HR · 5 January 2018

Small business owners clash over ethics of unpaid internships

Shot of a young man using a digital tablet while sitting in a modern office
Some 80 per cent of the British public believe interships should be openly advertised

After a recent survey found that UK citizens overwhelmingly backed a ban on unpaid internships, we consulted a panel of employers to see where they stand in the debate.

Britain’s policy makers are currently looking at legislation proposing a ban on unpaid placements at workplaces lasting longer than four weeks, and research undertaken by YouGov saw the public express its opposition to unpaid internships.

YouGov’s survey findings found that, regardless of legal changes, 80 per cent of people believed employers should advertise internship placements openly, as opposed to arranging them informally.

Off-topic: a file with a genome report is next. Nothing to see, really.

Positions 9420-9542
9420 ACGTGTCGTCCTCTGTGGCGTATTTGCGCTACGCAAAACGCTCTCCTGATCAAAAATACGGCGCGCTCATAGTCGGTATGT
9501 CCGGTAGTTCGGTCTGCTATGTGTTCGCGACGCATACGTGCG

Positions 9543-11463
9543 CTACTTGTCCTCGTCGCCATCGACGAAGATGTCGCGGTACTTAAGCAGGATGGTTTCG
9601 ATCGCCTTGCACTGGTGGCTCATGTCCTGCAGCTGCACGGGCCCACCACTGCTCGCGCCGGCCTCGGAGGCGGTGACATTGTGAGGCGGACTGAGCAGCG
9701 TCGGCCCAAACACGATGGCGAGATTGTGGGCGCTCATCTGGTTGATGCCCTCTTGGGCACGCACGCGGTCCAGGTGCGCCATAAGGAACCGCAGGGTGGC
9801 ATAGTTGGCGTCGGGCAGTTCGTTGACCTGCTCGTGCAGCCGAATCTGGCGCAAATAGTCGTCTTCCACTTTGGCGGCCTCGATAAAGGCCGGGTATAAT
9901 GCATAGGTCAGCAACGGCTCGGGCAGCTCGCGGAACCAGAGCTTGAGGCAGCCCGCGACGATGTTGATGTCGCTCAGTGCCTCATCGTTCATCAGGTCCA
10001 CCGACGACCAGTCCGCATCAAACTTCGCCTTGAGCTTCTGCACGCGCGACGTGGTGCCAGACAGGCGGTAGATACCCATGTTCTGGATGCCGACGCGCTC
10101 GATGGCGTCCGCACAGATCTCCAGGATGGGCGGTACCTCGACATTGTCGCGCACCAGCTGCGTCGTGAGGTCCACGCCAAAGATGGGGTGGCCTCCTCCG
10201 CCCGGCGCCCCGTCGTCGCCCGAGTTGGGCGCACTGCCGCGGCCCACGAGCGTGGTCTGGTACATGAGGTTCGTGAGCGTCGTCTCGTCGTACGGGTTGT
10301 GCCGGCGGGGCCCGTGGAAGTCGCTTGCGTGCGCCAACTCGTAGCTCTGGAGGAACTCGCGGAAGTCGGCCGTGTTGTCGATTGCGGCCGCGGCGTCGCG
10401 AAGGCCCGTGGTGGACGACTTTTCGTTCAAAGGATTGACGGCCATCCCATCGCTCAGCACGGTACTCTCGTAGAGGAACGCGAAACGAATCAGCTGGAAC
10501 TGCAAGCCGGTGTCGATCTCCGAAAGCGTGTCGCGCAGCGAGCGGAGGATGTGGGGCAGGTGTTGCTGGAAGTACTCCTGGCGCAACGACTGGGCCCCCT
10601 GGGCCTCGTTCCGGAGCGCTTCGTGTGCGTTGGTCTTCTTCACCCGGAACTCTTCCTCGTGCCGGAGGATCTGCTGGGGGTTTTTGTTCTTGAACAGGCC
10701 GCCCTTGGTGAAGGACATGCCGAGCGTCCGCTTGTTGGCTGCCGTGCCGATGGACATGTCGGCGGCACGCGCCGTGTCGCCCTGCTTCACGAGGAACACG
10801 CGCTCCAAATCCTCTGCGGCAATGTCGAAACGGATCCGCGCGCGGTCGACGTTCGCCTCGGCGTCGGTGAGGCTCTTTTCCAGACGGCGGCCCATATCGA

To see where the country’s employers stand on the issue, we’ve spoken to a group of decision makers with diverse opinions on the matter – some have outlined the merits to companies, such as the chance to see how an inexperienced worker may fit, while others have opposed unpaid positions out of principle.

For unpaid internships

Drawing on her own experiences, Steph Fiala, chief operating officer (COO) of British Amazon rival Flubit, told us that unpaid internships were an ideal way for recent graduates to make themselves more attractive to companies when the relevant experience might not be there. 

“As somebody who worked their way up from unpaid internship to COO, I can only recommend them,” Fiala explained.

“As an employer, when you are bringing somebody on whose CV tells you very little about how they will actually be able to operate in a job, the ability to see if there is a fit can allow you to be less cautious and take a chance on somebody would you might have otherwise skipped over because of lack of experience.”